Kumamoto is a large city, with 53,000 inhabitants, and one of the finest castles of old Japan. This castle used to boast sixteen towers, and was built in the 16th century by a famous general called Kato Kyomasa, whose work we had already seen in the keep at Nagoya. But only one of the towers and the ancient ramparts and gateway are now left, the rest of the castle being destroyed in the Satsuma rebellion against the present Government in 1877. The first morning after we arrived at Kumamoto the weather was too wet to allow of any sight-seeing, but in the afternoon it cleared up, and we soon made our way to the castle, and had a very interesting time there. We climbed to the top of the old tower, from which we had an extensive view of the surrounding country, and then walked round the ramparts, which in some places bore unmistakable marks of the great earthquake in 1889, and in others were spattered with lead from bullets fired in the siege of 1877. ...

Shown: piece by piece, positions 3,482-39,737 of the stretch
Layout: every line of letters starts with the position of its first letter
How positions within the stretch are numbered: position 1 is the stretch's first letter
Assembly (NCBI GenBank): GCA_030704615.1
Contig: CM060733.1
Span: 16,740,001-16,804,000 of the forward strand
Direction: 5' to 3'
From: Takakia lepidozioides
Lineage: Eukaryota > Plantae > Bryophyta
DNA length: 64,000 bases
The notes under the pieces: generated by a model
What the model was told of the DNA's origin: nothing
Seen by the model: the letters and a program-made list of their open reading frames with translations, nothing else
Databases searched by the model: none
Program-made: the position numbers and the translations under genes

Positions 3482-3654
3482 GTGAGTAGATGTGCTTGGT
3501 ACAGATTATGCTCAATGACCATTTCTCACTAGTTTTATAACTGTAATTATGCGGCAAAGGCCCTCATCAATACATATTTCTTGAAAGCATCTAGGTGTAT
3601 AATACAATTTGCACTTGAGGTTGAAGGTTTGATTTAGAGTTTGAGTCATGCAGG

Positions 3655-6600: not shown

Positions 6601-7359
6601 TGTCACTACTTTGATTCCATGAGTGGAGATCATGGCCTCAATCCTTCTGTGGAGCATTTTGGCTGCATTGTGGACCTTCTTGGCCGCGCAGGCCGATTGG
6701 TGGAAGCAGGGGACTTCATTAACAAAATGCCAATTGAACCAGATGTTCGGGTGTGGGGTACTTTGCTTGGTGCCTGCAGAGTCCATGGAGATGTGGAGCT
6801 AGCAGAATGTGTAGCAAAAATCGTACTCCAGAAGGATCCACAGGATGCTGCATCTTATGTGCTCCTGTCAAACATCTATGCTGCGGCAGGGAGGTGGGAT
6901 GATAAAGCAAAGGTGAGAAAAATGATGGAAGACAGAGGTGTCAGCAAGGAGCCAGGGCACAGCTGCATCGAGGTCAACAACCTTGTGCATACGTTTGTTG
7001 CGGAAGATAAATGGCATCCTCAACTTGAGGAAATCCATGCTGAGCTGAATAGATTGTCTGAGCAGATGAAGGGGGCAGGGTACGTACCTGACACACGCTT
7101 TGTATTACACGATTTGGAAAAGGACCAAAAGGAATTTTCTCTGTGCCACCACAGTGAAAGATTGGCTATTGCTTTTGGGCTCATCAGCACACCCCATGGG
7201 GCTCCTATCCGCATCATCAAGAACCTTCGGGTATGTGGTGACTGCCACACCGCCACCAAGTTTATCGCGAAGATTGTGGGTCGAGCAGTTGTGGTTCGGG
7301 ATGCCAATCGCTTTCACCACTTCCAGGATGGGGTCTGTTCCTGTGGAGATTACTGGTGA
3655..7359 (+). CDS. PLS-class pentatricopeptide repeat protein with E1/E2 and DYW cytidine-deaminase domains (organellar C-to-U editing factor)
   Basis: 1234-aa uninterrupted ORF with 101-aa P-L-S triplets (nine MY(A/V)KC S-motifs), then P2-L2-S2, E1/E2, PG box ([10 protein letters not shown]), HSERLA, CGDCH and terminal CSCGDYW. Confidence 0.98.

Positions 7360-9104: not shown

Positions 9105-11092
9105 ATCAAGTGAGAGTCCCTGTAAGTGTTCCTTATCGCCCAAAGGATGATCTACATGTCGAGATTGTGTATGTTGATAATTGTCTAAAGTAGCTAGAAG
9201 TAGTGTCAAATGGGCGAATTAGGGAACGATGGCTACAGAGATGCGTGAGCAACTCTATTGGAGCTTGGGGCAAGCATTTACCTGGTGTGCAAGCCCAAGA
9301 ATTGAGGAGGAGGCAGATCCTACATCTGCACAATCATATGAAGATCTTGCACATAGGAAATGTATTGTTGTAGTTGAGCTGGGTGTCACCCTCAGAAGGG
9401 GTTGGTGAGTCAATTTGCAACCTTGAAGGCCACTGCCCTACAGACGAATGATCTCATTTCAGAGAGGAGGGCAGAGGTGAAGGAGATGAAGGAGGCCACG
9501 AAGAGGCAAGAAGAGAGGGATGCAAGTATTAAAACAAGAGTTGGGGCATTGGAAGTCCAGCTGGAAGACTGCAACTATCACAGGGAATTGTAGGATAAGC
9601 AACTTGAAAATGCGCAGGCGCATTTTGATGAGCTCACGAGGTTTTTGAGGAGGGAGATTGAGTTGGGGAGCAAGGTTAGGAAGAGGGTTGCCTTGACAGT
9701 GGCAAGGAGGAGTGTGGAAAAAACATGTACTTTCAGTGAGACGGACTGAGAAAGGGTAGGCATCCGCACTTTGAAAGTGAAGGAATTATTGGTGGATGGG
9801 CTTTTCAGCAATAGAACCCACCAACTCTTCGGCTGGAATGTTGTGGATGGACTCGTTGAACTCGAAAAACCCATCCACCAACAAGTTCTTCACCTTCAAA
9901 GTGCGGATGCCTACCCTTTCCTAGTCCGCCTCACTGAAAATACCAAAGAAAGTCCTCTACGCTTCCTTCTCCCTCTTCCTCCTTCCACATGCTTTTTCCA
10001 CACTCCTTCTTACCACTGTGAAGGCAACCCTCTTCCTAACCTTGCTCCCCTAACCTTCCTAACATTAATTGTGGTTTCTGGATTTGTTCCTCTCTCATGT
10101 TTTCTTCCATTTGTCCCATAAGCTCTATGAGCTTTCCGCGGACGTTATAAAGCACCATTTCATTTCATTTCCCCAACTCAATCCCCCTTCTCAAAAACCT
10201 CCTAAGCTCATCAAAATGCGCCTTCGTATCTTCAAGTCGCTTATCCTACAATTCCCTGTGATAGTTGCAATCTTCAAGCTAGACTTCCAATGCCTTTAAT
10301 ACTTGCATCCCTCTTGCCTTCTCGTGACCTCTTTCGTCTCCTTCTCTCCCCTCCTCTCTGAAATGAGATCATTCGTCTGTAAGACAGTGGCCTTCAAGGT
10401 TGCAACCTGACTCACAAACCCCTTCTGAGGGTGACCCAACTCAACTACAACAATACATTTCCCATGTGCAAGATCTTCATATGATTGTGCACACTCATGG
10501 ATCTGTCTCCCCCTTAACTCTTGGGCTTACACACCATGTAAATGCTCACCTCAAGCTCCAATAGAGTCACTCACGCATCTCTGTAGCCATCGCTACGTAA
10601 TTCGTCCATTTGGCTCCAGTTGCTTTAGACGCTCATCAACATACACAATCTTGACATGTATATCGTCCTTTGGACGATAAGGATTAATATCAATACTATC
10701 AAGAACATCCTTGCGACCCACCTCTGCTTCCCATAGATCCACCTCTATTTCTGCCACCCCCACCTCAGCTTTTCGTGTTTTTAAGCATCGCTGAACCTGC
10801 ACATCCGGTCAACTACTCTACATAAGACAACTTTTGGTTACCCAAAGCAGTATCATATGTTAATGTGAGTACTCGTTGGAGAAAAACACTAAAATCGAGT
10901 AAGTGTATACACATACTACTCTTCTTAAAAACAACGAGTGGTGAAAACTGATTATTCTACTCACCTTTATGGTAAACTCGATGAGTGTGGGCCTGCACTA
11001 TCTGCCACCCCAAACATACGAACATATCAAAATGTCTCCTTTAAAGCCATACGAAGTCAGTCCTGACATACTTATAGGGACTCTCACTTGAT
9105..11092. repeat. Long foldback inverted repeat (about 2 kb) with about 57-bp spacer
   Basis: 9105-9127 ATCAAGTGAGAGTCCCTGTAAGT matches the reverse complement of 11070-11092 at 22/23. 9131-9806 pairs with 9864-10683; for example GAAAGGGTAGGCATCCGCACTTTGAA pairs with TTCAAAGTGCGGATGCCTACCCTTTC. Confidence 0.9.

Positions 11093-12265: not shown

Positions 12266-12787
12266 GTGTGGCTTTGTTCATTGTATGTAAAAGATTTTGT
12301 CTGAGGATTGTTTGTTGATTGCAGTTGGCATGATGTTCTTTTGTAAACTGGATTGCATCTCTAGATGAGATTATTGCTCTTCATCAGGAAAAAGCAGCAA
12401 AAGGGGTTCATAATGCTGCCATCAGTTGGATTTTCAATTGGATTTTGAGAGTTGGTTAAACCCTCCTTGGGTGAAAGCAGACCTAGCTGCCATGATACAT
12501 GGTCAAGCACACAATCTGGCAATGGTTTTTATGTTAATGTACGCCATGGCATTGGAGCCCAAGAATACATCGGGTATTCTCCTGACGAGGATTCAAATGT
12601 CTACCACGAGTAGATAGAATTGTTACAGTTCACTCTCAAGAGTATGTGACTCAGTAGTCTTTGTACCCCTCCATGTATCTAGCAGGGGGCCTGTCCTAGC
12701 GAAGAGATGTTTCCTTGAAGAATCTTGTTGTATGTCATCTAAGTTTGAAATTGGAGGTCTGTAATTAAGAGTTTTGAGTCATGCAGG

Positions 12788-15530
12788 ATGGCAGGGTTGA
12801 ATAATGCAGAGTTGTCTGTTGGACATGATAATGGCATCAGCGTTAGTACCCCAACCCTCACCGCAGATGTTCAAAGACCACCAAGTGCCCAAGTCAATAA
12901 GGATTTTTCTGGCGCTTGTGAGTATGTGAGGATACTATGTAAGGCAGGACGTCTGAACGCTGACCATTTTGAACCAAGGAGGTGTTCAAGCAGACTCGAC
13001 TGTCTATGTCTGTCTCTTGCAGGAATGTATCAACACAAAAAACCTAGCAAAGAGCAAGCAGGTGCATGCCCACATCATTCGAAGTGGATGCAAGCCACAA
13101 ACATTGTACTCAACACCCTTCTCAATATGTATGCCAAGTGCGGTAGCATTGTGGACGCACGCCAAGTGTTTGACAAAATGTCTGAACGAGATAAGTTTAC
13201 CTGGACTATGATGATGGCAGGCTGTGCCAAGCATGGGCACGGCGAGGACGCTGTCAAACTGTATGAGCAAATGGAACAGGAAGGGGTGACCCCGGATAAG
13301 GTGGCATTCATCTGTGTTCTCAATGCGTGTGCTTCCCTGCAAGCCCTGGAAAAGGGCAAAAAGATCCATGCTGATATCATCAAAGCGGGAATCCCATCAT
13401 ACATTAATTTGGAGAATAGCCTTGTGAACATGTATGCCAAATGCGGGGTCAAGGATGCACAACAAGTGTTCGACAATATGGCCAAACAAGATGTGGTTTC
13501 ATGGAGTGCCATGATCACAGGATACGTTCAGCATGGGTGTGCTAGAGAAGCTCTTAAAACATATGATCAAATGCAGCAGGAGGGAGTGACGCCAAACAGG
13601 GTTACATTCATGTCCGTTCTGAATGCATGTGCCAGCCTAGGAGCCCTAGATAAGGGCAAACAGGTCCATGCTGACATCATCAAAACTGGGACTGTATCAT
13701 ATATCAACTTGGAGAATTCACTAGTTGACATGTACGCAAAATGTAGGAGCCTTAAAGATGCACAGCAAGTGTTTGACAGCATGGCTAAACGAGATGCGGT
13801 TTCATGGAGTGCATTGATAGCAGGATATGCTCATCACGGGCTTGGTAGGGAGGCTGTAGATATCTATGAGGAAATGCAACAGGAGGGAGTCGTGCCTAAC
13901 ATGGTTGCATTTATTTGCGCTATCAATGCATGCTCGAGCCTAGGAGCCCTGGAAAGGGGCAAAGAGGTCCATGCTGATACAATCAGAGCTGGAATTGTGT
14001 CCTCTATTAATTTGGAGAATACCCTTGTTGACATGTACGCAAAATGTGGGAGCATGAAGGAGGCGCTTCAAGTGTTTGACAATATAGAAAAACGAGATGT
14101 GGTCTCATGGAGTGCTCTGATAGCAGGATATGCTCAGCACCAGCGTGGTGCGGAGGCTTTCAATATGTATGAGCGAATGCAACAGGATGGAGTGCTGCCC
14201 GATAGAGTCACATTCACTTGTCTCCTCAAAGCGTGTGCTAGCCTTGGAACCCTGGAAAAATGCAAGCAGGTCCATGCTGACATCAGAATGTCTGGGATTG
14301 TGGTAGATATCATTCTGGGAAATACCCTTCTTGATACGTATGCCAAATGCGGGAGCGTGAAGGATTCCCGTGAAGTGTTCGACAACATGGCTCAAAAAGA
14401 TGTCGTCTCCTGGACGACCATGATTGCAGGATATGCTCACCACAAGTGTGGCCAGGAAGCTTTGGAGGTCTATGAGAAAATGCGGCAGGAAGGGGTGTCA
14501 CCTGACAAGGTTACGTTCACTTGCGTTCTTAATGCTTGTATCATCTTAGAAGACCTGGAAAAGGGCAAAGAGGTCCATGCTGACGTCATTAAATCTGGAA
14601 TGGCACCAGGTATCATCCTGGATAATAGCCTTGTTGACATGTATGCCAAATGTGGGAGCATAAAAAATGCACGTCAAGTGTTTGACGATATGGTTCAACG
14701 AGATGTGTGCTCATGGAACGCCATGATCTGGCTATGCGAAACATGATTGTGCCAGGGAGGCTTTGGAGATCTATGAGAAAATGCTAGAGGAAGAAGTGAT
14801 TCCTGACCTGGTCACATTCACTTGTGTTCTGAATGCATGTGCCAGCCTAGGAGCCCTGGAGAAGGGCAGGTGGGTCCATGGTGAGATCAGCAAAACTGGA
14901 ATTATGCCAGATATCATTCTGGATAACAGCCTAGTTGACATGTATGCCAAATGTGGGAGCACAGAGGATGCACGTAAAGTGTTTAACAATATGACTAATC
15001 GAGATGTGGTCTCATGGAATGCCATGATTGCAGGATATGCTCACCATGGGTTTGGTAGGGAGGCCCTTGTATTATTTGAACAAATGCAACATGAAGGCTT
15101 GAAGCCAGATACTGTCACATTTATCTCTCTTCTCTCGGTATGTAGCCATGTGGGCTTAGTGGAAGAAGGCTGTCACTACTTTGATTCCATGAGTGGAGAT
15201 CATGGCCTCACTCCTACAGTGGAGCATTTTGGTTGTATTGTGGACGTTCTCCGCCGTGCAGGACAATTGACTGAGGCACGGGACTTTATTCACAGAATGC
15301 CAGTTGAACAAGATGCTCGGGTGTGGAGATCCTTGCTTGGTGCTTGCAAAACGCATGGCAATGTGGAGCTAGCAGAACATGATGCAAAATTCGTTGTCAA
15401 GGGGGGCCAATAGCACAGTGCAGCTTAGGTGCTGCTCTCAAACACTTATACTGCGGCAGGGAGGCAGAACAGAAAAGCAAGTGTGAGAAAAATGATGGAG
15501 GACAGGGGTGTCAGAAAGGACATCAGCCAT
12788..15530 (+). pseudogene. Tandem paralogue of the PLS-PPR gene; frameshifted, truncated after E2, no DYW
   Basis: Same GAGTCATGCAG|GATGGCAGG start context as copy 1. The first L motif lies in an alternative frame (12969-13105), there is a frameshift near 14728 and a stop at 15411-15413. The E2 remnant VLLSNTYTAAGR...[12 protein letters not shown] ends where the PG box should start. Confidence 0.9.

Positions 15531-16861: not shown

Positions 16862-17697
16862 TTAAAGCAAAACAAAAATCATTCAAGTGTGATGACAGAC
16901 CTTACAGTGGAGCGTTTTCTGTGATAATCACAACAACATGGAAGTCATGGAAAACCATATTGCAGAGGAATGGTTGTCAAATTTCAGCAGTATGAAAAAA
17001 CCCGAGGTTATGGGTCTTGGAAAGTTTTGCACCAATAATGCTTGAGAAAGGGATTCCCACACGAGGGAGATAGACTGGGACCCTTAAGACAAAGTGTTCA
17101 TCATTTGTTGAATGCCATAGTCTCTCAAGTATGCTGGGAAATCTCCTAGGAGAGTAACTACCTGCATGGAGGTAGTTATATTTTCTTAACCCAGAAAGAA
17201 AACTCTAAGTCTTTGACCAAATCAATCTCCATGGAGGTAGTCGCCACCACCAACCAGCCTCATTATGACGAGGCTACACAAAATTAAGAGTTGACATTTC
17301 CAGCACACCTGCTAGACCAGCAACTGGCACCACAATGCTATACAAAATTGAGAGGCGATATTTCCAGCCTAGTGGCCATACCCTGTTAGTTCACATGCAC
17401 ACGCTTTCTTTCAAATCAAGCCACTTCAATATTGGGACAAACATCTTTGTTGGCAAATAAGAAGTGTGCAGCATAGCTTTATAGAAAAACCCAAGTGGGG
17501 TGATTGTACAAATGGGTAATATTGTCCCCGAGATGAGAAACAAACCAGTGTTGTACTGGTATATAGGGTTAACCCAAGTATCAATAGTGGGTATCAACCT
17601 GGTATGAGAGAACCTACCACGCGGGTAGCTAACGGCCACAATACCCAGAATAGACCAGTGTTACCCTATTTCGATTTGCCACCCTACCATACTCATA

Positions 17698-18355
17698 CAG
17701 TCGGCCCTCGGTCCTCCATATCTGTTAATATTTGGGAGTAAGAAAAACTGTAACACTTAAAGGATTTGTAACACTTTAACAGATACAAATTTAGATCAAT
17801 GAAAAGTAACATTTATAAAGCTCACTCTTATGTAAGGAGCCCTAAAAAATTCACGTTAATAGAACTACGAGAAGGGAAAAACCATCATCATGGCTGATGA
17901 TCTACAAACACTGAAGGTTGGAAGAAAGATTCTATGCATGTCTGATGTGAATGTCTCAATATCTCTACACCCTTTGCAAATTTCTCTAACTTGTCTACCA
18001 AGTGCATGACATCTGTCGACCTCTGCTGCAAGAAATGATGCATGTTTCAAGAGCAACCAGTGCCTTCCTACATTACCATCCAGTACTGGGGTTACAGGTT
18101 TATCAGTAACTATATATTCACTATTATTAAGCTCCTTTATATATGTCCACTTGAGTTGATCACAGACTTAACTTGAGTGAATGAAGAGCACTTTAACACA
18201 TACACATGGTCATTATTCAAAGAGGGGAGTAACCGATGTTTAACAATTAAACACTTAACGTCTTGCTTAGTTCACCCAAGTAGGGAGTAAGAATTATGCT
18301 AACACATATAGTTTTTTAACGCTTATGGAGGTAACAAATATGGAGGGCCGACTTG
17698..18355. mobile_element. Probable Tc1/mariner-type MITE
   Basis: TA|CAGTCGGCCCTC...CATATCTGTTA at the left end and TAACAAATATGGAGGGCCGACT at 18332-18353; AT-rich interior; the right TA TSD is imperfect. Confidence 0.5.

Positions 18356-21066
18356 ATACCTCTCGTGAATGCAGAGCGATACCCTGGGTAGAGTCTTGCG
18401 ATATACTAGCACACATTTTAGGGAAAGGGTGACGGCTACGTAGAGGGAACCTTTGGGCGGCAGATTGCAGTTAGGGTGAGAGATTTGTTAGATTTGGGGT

Mr. Brandram knew the commandant of the castle, so we called at the officers’ quarters. The commandant was away from home, but the officer in charge received us with great courtesy, and by his orders we were ushered into the council room, and small cups of coffee, a novel and comparatively rare luxury in Japan, were served to us.
Japan As We Saw It (Bickersteth) (1893)